|         |                        
                                           |    6    |                        
                                           |         |                        
                                           -----------                        
                                                                     

At each of the 12 edges of the cube, faces share common vertices so that, for example, the last row of face 1 has the same vertices as the first row of face 2. The common edge vertices are, with I=(0,Q),

                v(I,Q,6)=v(Q-I,Q,4)                                           
                v(I,0,6)=v(I,Q,2)                                             
                v(I,0,5)=v(Q,Q-I,1)                                           
                v(I,0,4)=v(Q-i,0,1)                                           
                v(I,0,3)=v(0,I,1)                                             
                v(I,0,2)=v(I,Q,1)                                             
                v(q,I,6)=v(I,Q,5)                                             
                v(q,I,5)=v(0,I,4)                                             
                v(q,I,4)=v(0,I,3)                                             
                v(q,I,3)=v(0,I,2)                                             
                v(0,I,6)=v(Q-I,Q,3)                                           
                v(0,I,5)=v(Q,I,2)               

and the eight corners share vertices from three faces:

                v(0,0,1) = v(0,0,3) = v(Q,0,4)                                
                v(0,Q,1) = v(0,0,2) = v(Q,0,3)                                
                v(Q,0,1) = v(0,0,4) = v(Q,0,5)                                
                v(Q,Q,1) = v(0,0,5) = v(Q,0,2)                                
                v(0,0,6) = v(0,Q,2) = v(Q,Q,3)                                
                v(0,Q,6) = v(0,Q,3) = v(Q,Q,4)                                
                v(Q,0,6) = v(0,Q,5) = v(Q,Q,2)                                
                v(Q,Q,6) = v(0,Q,4) = v(Q,Q,5)         

Thus of the 6(Q+1)2 labeled vertices, only 6Q2+2 are independent.

File Structure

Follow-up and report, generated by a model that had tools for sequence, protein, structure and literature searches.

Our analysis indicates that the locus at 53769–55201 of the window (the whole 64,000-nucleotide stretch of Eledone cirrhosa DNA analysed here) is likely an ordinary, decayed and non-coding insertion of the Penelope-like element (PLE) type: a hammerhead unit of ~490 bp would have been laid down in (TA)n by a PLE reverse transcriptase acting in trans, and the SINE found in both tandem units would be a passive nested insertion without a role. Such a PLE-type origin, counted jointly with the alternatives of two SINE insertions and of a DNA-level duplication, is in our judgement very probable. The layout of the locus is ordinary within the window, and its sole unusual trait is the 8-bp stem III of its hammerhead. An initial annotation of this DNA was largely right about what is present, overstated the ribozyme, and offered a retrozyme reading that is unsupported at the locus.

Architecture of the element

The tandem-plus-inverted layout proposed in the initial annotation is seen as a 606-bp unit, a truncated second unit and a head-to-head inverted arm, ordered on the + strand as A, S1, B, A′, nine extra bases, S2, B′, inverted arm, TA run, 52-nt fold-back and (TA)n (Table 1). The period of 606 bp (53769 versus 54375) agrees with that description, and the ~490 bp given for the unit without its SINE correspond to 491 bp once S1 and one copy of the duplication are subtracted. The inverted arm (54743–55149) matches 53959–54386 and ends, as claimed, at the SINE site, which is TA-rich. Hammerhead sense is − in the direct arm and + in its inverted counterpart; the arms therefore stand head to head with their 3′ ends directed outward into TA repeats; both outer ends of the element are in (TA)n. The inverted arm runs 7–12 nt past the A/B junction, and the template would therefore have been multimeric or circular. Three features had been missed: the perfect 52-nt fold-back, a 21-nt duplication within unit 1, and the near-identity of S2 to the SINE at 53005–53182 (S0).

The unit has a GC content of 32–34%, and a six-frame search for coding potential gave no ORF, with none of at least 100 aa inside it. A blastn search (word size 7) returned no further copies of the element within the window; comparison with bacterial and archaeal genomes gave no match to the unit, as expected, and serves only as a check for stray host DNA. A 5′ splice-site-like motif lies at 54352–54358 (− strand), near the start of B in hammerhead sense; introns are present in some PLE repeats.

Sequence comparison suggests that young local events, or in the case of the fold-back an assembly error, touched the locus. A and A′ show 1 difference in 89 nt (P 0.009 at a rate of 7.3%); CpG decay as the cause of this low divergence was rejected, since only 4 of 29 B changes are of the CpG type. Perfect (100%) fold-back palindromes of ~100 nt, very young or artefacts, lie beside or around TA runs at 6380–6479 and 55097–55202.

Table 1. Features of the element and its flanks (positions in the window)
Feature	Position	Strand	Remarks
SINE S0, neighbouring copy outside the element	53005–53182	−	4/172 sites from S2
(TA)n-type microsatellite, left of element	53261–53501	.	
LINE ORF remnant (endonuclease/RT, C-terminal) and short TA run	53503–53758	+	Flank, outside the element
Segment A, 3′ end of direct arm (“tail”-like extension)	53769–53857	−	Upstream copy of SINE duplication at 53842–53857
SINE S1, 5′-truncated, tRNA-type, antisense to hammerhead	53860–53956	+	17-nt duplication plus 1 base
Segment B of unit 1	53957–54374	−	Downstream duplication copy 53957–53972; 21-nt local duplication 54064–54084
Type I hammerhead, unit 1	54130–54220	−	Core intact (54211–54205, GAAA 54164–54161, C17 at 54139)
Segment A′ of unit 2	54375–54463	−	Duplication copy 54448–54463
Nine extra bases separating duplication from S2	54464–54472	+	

The file structure is quite simple. The first line contains the value of Q, and is followed by 6(Q+1)^2 lines containing the vertices. A piece of Fortran code for reading the file would look like:

                READ(10,*) Q                                                  
                DO F=1,6                                                      
                DO J=0,Q                                                      
                DO I=0,Q                                                      
                  READ(10,*) (V(K,I,J,F), K=1,3)                              
                ENDDO                                                         
                ENDDO                                                         
                ENDDO                                                         

Here the vertices are represented by three-vectors. In some cases extra components are added representing albedo, color, surface gravity, or other surface characteristics. Since the labeling scheme implicitly contains the connectivity, no facet table is necessary.

The quadrilateral facets in the model are not necessarily flat, since there is no guarantee that the four vertices are coplanar. The facet normals are defined by the cross product of their diagonals. This approximation presents no real difficulty because the spacings of the vertices are very small compared to the size of the body. The standard form (Q=512) has 1.57 million vertices.

Although it is not necessary, it is convenient to take Q to be a power of 2. Because of this choice, it is easy to 'dumb down' a model by increasing the spacing by factors of 2. Vertices of the form v(2I,2J,F) are retained and the others discarded. Because of the quadrilateral facet structure, the models can also be 'densified' through bilinear interpolation.

Example

Here is a sample SHAPE.TXT file:

         128
  -218.72182    -8.78589   136.89489
  -217.94953    -6.10207   138.09736
  -217.59664    -3.46244   139.74751
  -216.83911    -0.75086   140.98874
  -216.04842     1.95086   142.19411
  -215.34667     4.53459   143.49143
  -214.06968     7.13078   144.16124
  -212.35048     9.69145   144.34511
  -210.62577    12.23122   144.54863
  -209.47201    14.69014   145.33889
  -208.85169    17.21845   146.67393
  -208.58685    19.86090   148.37467
.....

Q Value

Q

Vertices

4

151

8

487

16

1735

32

6534

64

25351

128

99846

256

396294

512

1579014

The output values are:

Line 1 - Q (resolution). This gives the number of nodes for i and j. Multiple Q by 6 coordinate vector spaces to fill out the entire region.

  • (!) Q*Q*6 is the total number of nodes, and line entries in this file.

  • (!) A Q of 512 is the largest that we represent. It contains 1.5 million vertices and is 56 MB uncompressed.

Lines 2 and following - The location of a vertex in i, j, k space (Cartesian coordinates).


(Compiled by KD)

References

Gaskell, R.W., O. Barnouin-Jha, and D. Scheeres, Modeling Eros with Stereophotoclinometry, Abstract #1333, 38th LPSC, Houston, TX, 2007. [GASKELLETAL2007]

Gaskell R.W., Landmark navigation and target characterization in a simulated Itokawa encounter, AAS paper 05-289, AAS/AIAA Astrodynamics Specialists Conf., Lake Tahoe, CA, 2005. [GASKELL2005]

CategoryFiles CategoryOutputFiles

SHAPE.TXT (last edited 2016-07-24 06:36:12 by BMittan)